Summary of story as told by The Voice of the Martyrs magazine. Check out more information here.

“Salavat” is a pastor in the predominantly Muslim nation ofUzbekistan who has often been beated and detained by the government and was recently released from a six-month prison term. While he was in prison there was no one to care for his wife and five children because church members lived in fear of Muslim persecution. Many days his family went without food.

Once released “Salavat’s” fortune did not quickly change. None of the believers would come to church because they were too afraid. For two days Salvat praised God alone in his church, remembering Hebrews 10:34 and vowing to joyfully accept the plundering of his property in the name of Jesus. And while he embraced imprisonment, the plundering of his good and the abandonment of other believers with humility before God, he found it difficult to accept his family’s suffering. There was very little food and no help in sight, and the day finally came when what little food there was ran out.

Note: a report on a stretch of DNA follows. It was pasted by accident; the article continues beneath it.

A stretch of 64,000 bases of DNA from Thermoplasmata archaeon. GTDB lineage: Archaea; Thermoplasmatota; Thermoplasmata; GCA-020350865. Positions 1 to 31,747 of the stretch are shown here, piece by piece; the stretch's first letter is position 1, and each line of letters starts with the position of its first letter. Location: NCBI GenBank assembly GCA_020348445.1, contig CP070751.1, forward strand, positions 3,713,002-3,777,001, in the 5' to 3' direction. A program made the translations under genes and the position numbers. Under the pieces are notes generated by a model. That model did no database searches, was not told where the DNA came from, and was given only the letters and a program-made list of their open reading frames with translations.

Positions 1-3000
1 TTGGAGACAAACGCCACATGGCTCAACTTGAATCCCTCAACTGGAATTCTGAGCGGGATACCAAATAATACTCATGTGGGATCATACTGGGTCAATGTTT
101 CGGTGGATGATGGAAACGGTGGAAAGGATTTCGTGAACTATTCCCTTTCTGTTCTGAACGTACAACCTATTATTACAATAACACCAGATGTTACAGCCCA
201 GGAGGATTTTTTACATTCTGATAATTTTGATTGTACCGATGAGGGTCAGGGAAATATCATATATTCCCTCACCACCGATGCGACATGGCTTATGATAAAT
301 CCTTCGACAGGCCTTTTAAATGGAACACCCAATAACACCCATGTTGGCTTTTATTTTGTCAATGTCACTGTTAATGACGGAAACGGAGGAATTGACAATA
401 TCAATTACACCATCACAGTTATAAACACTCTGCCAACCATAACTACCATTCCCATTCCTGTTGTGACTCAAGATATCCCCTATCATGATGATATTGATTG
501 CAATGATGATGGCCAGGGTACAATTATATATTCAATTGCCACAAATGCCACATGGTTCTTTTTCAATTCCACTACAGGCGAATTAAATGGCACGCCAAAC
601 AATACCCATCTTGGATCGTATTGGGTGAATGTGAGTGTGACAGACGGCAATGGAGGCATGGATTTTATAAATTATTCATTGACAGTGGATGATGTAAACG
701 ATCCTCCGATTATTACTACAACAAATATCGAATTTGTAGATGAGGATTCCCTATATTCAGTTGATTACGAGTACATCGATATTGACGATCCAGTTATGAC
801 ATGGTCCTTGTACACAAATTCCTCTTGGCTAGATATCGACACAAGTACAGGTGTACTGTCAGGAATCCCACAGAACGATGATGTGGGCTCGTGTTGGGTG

His 7-year old oldest daughter “Rachel” asked, “Dad, when will we have something to eat?” Salavat did not have an answer. He simply said, “Let’s wait until morning. We’ll have breakfast then.”

The next morning Salavat woke at his usual 5 a.m. time for time with the Lord. Rachel also rose, again asking, “When will we eat? I’m hungry.” Salavat prayed fervently for his family, and after his prayer he told her, “We’ll have something to eat in a bit. Let’s go out and work in the garden while we wait.”

As they worked they hard a car approaching. Two men got out of the car and asked for Salavat by name. They said, “We were not supposed to be here today, but the Lord has sent us,” as they handed Salavat an envelope. Salavat looked inside and found $200 – more than a month’s wages. The two men left quickly and Salavat and his daughter ran after them to thank them.

When they reached the street there was no car. There wasn’t even proof there had ever been a car. No cloud of dust. No fading engine sound. No tracks. Nothing.

Rachel looked at her father, then at the enveleop still in his hands, and said, “Dad, from now on your God will be my God.” Eventually other believers returned to the Lord, gaining courage from their pastor’s strength and God’s provision.

But Salavat still faces daily threats. When asked his favorite verse he opened to the book of Job to the story of a man from the land of Uz – modern-day Uzebekistan. He pointed to Job 1:8 where God mentions his faithful servant and Salavat whispered, “I, too, want to be faithful to the Lord, just as Job was.”

Pray for Pastor Salavat and his family. And then pray that God would make you (and me) as courageous and confident in God as this man.

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